Every year on Father’s Day, Karen and Wayne Lattuca go fossil hunting with Wayne’s daughter and son-in-law, Adrienne and Kevin Franklin. Most often, they head to Big Brook Preserve in Monmouth County, New Jersey, where Cretaceous fossils such as sharks’ teeth are easy to find.
This year, an email from the Academy’s Membership Department popped into Wayne’s inbox
describing an opportunity to go on a members-only fossil hunting expedition in Montana in mid-summer. Instead of panning a stream for plentiful marine fossils, the expedition would involve digging for dinosaur fossils from Suuwassea and Stegosaurus. He immediately contacted his family to reschedule their Father’s Day trip.
In July, the four trekked into the Morrison Formation of the Big Horn Basin, where the Academy of Natural Sciences and the Bighorn Basin Paleontological Institute have been leading dinosaur digs for years. These expeditions focus on finding, collecting and documenting Jurassic, Cretaceous and Paleogene fossils on the border of Wyoming and Montana, a site where dinosaurs flourished 145 million years ago.
The Lattucas were in awe of their freedom to work within the site, where paleontologists have been excavating bones for years. They used screwdrivers, picks, brooms and brushes to clear dirt and stone; applied glue to broken pieces; and even jacketed a fossil.
“You get instruction, and then you are trusted — when you find something, they let you continue,” says Wayne.
Conditions were rustic and days in the field were eventful. The team encountered biting flies, a scorpion and a rattlesnake. But nothing could take away from the thrill Karen felt when she finally uncovered a dinosaur bone, becoming the very first human to glimpse at the bone, hidden 145 million years in the ground.
“I dug all day the first day without finding anything, and then the next day I saw this reddish bone coming out underneath my brush,”she says. “That initial rush I will never forget.”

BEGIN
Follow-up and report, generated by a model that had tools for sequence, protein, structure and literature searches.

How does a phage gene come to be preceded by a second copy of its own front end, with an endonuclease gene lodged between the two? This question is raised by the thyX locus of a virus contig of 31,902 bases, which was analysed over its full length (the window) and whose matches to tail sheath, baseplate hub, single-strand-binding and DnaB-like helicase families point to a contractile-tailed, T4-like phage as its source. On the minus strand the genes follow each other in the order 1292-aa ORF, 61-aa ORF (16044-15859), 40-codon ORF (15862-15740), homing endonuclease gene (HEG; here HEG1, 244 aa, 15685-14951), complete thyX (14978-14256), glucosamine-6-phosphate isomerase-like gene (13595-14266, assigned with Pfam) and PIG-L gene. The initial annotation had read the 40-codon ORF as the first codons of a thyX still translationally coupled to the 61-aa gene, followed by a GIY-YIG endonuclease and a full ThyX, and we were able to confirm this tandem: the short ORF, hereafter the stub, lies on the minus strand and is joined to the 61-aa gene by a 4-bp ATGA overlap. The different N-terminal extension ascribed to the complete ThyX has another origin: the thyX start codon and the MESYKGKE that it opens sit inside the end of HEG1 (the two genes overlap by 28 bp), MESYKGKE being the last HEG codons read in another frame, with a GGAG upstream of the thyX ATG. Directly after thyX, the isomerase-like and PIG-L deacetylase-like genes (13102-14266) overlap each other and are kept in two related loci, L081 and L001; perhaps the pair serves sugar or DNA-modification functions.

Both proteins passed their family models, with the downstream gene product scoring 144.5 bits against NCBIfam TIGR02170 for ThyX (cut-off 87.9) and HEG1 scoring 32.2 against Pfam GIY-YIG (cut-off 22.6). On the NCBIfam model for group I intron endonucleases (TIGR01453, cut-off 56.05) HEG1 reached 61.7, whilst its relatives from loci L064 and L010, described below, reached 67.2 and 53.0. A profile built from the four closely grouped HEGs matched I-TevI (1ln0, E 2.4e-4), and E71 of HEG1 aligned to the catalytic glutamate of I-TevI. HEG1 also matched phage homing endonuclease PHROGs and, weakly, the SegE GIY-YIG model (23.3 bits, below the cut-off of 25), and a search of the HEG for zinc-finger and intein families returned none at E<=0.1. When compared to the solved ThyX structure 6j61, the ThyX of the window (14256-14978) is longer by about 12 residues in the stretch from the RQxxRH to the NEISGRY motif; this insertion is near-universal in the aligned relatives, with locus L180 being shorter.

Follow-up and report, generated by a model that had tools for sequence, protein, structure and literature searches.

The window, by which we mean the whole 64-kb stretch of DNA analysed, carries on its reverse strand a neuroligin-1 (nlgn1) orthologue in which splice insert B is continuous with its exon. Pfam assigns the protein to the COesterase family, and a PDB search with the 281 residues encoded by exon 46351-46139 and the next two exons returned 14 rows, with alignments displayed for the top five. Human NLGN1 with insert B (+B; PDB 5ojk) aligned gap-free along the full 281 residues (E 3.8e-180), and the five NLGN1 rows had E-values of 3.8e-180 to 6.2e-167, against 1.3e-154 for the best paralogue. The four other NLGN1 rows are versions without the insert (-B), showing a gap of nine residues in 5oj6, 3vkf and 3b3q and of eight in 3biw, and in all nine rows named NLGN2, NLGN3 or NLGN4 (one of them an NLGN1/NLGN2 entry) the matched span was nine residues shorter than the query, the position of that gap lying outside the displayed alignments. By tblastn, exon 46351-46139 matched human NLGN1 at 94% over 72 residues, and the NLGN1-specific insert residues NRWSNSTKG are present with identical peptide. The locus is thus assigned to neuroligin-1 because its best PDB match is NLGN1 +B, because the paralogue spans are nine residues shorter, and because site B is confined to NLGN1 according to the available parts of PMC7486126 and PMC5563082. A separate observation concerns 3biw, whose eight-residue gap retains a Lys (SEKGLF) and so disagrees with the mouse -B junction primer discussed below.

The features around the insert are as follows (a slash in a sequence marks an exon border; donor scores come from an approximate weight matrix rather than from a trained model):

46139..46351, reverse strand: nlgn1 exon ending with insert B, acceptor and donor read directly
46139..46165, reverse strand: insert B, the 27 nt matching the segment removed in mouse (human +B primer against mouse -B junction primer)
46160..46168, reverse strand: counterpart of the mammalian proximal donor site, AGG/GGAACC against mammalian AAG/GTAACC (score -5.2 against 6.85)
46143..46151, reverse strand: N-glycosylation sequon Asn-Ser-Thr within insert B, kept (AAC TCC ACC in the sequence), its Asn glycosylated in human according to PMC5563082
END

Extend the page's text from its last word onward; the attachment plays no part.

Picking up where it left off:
The Lattucas were keen to participate in an expedition of this caliber, having been fans of Academy science for years. Actually getting to know the staff — those fabled paleontologists with brushes in hand — during the dig helped make the Academy’s field research tangible.
Karen and Wayne have been Academy supporters for several years, and they recently made a gift of appreciated securities, donating an appreciated stock or mutual fund to a charity to receive a tax deduction for the fair market value of their assets. They distributed their gift over several years of membership, upping their membership to the Lewis and Clark Circle so they could take advantage of the benefits that were right for them. They are considering ways to dedicate more resources to our work, including our programs of education and research.
“You want to support things that are important to you,” says Wayne. “For me, that’s educating about the natural world, supporting world-class collections across many different disciplines. This institution has been doing that since 1812. My focus is to advance basic research and science, and to truly reinforce trust in the scientific method.”
Attention Academy Members! Are you resolving to travel more in 2019? Have you ever wondered what it would be like to be a paleontologist? Well, this is your chance! There are still spots available for you to join us in Montana for an exclusive field expedition and unique travel opportunity–exclusive to Academy members. Hunt for fossils, learn about geology and explore the Bighorn Basin in summer 2019. Find out more about the trip, or consider becoming a member so you, too, can take part.
By Mary Alice Hartsock
Adapted from Academy Frontiers, the Academy’s member magazine, in the fall 2018 issue.